120 Lachesis

From Wikipedia, the free encyclopedia
Jump to navigation Jump to search

120 Lachesis
Discovery
Discovered by Alphonse Borrelly
Discovery date 10 April 1872
Designations
MPC designation (120) Lachesis
Pronunciation /ˈlækɪsɪs/
Named after
Lachesis
 
Main belt
Orbital characteristics[1]
Epoch 31 July 2016 (JD 2457600.5)
Uncertainty parameter 0
Observation arc 143.70 yr (52485 d)
Aphelion 3.2814 AU (490.89 Gm)
Perihelion 2.95390 AU (441.897 Gm)
3.11767 AU (466.397 Gm)
Eccentricity 0.052528
5.50 yr (2010.7 d)
16.86 km/s
56.2095°
0° 10m 44.558s / day
Inclination 6.9643°
341.193°
232.822°
Earth MOID 1.95464 AU (292.410 Gm)
Jupiter MOID 1.72275 AU (257.720 Gm)
TJupiter 3.204
Physical characteristics
Dimensions 174.10±2.9 km (IRAS)[2]
Mass 5.5×1018 kg
Equatorial surface gravity
0.0487 m/s²
Equatorial escape velocity
0.0920 km/s
46.551 h (1.9396 d)[2][3]
0.0463±0.002[2]
Temperature ~158 K
C[4]
7.75[2]

120 Lachesis is a large main-belt asteroid. It was discovered by French astronomer Alphonse Borrelly on April 10, 1872, and independently by German-American astronomer Christian Heinrich Friedrich Peters on April 11, 1872, then named after Lachesis, one of the Moirai, or Fates, in Greek mythology.[5] A Lachesean occultation of a star occurred in 1999 and was confirmed visually by five observers and once photoelectrically, with the chords yielding an estimated elliptical cross-section of 184 × 144 km.[6]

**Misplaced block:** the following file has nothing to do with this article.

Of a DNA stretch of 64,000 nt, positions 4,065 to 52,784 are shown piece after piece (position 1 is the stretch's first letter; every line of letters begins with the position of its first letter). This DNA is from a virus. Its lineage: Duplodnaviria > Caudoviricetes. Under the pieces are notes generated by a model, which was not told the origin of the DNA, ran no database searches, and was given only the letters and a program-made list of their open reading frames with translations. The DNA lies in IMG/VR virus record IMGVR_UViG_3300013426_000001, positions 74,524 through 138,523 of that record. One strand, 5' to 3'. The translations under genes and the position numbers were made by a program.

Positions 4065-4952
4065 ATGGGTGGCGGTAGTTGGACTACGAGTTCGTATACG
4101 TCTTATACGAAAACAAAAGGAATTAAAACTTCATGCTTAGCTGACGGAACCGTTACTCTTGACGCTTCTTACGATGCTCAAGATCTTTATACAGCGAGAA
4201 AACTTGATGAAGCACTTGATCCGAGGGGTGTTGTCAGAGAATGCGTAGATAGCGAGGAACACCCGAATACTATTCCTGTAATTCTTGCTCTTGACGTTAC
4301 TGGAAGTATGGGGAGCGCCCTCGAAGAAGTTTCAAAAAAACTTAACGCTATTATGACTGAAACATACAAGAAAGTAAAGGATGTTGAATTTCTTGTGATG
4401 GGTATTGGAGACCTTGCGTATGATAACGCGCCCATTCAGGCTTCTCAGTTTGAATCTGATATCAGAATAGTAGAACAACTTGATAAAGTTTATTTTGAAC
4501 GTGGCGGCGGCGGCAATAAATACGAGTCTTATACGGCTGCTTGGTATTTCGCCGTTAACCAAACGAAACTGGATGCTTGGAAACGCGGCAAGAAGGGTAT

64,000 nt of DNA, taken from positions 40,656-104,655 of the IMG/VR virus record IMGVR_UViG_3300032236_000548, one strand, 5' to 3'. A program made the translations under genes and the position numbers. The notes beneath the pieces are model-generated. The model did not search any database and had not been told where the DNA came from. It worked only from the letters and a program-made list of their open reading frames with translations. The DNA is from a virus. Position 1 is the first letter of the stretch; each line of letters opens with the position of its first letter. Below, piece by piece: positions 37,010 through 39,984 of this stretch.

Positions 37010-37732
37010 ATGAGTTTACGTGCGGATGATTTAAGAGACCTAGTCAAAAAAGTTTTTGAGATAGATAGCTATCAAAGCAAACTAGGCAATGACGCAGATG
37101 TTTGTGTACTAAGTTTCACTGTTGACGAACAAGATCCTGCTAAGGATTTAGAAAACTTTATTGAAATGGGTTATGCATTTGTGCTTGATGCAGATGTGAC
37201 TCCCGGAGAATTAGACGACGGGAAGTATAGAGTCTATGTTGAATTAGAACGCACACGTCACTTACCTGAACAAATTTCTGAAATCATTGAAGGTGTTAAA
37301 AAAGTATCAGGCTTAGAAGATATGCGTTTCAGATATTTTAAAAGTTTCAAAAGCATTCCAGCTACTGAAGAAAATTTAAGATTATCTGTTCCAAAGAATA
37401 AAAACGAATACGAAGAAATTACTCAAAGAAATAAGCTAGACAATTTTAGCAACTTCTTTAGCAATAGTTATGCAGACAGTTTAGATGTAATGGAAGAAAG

Photometric observations of this asteroid were made in early 2009 at the Organ Mesa Observatory in Las Cruces, New Mexico. The resulting light curve shows a synodic rotation period of 46.551 ± 0.002 hours with a brightness variation of 0.14 ± 0.02 in magnitude.[3] It has the longest rotation period of an asteroid more than 150 km in diameter.[7] As a primitive C-type asteroid[4] it is probably composed of carbonaceous material.

References[edit]

  1. ^ Yeomans, Donald K., "120 Lachesis", JPL Small-Body Database Browser, NASA Jet Propulsion Laboratory, retrieved 2013-03-25. 
  2. ^ a b c d "JPL Small-Body Database Browser: 120 Lachesis". Jet Propulsion Laboratory. Retrieved 12 May 2016. 
  3. ^ a b Pilcher, Frederick (July 2009), "Rotation Period Determinations for 120 Lachesis, 131 Vala 157 Dejanira, and 271 Penthesilea", The Minor Planet Bulletin, 36 (3), pp. 100–102, Bibcode:2009MPBu...36..100P. 
  4. ^ a b Tedesco, E. F.; et al. (February 1989), "A three-parameter asteroid taxonomy", Astronomical Journal, 97, pp. 580–606, Bibcode:1989AJ.....97..580T, doi:10.1086/115007. 
  5. ^ Schmadel, Lutz D. (2003), Dictionary of Minor Planet Names, 1 (5th ed.), Springer, p. 26, ISBN 3540002383. 
  6. ^ Dunham, D. W.; et al. (September 2002), "Asteroidal occultation results multiply helped by Hipparcos", The Minor Planet Bulletin, 73 (3), p. 662, Bibcode:2002MmSAI..73..662D. 
  7. ^ "JPL Small-Body Database Search Engine: diameter > 150 (km) and rot_per > 24 (h)". JPL Solar System Dynamics. Retrieved 2015-06-06. 

External links[edit]